Thank You, Mr. Iwata.
Since the news broke on Sunday, the deeply saddening loss of Mr. Iwata has had a huge effect on a great many gamers, as seen from the many posts from those wishing to pay their respects to his legacy (many from authors far more eloquent than I). While there’s little I can add to the great words that have already been spoken in his honor, I feel I still owe my peace. I don’t really consider myself a Nintendo fanboy, but if you were to go through all my blog posts, you might think differently. After all, I’ve written a lot about Nintendo games. But that’s because after I play a game, I only write about it if I feel like I have something interesting to say, and I almost always have something to say about Nintendo’s work. One thing you can never criticize them for is not knowing how to make greatly inspired and uniquely imaginative games. Despite their game design being incredibly influential, they are an utterly unique company amongst big game publishers. Much of that is directly attributable to the deeply-held principles that Mr. Iwata’s leadership and guidance maintained at the company.
Under his leadership, Nintendo was a shrewd business, but it was never a cynical one. It was fiercely guided by a fundamental philosophy and faith that gaming was meant to bring joy and wonderment into people’s lives. In accordance with these principles, they took risks to bring us new gaming experiences, some of which paid off big for them as a business and some of which didn’t. But that’s how risks work, and Mr. Iwata realized that merely following the status quo of their competitors would certainly lead to the company’s stagnation and decline. Perhaps most importantly, during his tenure as president, Nintendo always had respect for its fans, customers, and its own legacy and eschewed the classless practices that have become popular amongst its peers, because they see gaming as a unique source of fun in our lives and not a shallow means to manipulate human consumer psychology.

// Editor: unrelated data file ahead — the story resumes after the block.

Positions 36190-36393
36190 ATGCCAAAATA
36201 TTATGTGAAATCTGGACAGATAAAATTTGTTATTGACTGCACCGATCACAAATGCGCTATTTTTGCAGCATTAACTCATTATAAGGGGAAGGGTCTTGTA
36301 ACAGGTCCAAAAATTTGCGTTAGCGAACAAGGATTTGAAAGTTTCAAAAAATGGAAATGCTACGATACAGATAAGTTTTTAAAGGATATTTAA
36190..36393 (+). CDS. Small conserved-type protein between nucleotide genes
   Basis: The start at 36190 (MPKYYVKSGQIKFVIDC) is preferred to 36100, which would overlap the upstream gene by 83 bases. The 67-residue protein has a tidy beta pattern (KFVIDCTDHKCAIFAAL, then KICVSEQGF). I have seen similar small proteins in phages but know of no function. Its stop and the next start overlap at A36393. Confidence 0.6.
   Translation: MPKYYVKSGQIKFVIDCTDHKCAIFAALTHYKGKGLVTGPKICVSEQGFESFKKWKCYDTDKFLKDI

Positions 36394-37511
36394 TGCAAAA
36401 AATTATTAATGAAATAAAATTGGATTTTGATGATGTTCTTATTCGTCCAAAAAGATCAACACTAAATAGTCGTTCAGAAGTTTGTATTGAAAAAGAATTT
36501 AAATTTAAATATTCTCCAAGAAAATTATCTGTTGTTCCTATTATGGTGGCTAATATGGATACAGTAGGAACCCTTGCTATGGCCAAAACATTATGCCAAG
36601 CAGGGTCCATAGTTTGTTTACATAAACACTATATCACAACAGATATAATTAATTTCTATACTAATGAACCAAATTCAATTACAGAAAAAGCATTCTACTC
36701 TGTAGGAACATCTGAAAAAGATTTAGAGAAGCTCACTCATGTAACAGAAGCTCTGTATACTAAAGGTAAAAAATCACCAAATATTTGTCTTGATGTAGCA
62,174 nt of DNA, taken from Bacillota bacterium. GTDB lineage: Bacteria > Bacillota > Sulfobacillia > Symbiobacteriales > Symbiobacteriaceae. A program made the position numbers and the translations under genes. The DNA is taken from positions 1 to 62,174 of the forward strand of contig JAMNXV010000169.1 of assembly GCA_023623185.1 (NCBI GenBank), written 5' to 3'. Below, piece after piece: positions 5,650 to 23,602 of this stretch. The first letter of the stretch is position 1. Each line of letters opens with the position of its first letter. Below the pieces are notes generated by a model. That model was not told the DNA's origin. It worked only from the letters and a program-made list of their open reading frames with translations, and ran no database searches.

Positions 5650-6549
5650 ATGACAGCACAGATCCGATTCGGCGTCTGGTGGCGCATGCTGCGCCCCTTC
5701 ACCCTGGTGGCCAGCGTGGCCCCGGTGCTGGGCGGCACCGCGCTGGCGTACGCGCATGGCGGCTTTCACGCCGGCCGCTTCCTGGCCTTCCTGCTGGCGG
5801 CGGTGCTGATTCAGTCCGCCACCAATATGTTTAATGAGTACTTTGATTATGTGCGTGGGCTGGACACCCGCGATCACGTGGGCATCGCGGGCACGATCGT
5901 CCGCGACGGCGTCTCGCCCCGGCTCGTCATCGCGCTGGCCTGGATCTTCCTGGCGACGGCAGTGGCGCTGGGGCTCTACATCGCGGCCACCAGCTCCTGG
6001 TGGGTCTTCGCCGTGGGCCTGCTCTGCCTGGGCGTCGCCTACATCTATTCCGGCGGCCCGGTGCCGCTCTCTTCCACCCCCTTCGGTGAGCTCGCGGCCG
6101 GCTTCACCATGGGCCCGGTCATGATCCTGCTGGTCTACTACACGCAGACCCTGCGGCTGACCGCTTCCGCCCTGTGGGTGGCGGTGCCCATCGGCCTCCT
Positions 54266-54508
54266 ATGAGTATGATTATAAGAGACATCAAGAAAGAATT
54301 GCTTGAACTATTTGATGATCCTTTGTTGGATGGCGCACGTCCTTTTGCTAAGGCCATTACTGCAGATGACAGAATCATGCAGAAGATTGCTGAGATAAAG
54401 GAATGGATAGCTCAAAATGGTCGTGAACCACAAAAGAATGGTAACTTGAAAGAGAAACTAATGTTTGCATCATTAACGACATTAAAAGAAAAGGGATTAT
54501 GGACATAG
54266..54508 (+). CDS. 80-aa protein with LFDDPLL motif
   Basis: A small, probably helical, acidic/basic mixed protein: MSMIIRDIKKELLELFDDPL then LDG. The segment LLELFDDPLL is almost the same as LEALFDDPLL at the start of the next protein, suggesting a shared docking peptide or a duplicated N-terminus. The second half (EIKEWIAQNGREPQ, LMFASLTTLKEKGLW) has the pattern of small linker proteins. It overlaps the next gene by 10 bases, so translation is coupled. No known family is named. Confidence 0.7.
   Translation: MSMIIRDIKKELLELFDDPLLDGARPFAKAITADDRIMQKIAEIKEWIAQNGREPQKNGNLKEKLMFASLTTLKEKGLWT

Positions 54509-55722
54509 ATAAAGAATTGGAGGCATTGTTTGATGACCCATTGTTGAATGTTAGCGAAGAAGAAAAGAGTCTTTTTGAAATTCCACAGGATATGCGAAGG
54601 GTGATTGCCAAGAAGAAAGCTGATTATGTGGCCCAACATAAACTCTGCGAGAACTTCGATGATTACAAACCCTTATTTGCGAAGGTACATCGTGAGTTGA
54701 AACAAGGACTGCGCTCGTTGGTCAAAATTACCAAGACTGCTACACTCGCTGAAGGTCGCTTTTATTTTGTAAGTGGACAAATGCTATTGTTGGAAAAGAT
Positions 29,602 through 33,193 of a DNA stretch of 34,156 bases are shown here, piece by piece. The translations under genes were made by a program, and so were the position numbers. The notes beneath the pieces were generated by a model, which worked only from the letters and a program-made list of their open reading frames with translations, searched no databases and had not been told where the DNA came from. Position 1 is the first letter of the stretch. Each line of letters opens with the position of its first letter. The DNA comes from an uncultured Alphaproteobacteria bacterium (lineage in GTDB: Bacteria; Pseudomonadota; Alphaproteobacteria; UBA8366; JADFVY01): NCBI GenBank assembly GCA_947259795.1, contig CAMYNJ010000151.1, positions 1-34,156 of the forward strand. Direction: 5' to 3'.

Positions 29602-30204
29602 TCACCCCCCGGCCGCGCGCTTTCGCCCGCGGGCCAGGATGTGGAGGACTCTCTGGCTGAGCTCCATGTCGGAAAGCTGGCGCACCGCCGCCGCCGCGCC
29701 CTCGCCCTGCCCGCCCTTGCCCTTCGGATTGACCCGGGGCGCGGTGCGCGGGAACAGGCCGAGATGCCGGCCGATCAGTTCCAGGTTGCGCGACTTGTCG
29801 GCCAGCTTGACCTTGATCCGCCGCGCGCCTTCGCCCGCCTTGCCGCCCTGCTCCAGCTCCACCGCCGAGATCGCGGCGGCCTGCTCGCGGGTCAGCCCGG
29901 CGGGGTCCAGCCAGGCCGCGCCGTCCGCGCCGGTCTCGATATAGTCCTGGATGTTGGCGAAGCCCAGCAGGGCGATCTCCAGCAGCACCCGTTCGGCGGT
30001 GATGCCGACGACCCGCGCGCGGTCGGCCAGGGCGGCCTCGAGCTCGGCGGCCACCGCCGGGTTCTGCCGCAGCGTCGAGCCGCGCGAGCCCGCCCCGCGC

And while he’s most well-known as a business leader, I’m grateful that his past as a talented programmer is being given more attention. Gamers are often familiar with directors, artists, and composers, but the contributions of programmers are usually more “under-the-hood” and go less appreciated. Even after becoming the president of HAL Laboratories in 1993, it seems like he was still in the trenches as a programmer and used his expertise to bring many beleaguered projects to fruition. My favorite story is how he cleaned up the code for Pokemon Gold+Silver so that Game Freak could fit its full plans for Johto onto the cartridge. But not only that, he made room for the Kanto region as well! Such a wonderful surprise that was, and it was all made possible because of his hard work and talent.
But the biggest loss that he will leave in our lives, I think, comes from his theatricality. The man put himself out there with Iwata Asks and Nintendo Direct to become the face of the company. He brought us many precious unheard developer stories from within Nintendo itself. Despite what you might expect from such a reserved business man, he put on a show like none other in gaming, to get us enthusiastic for Nintendo. Look at all the grandiose stage conferences at E3 2015 and compare it to the wonderful puppet show they put on this year. It shows that he wanted the company to build a closer relationship with its customers that went beyond merely shovelling out over-produced trailers that do little to represent new games. He wanted gamers to be excited for Nintendo as fans, not as consumers. This motivation went beyond his appearances and can also be seen in Nintendo’s other fan-focused content such as Treehouse Live and the Nintendo World Championship. It is a great way to do business, and I hope they continue Nintendo Direct and these other events, even though it won’t be the same without his presence.
Thank you, Mr. Iwata, for brightening our hobby and for helping to bring so many great and fun gaming memories with family and friends into our lives.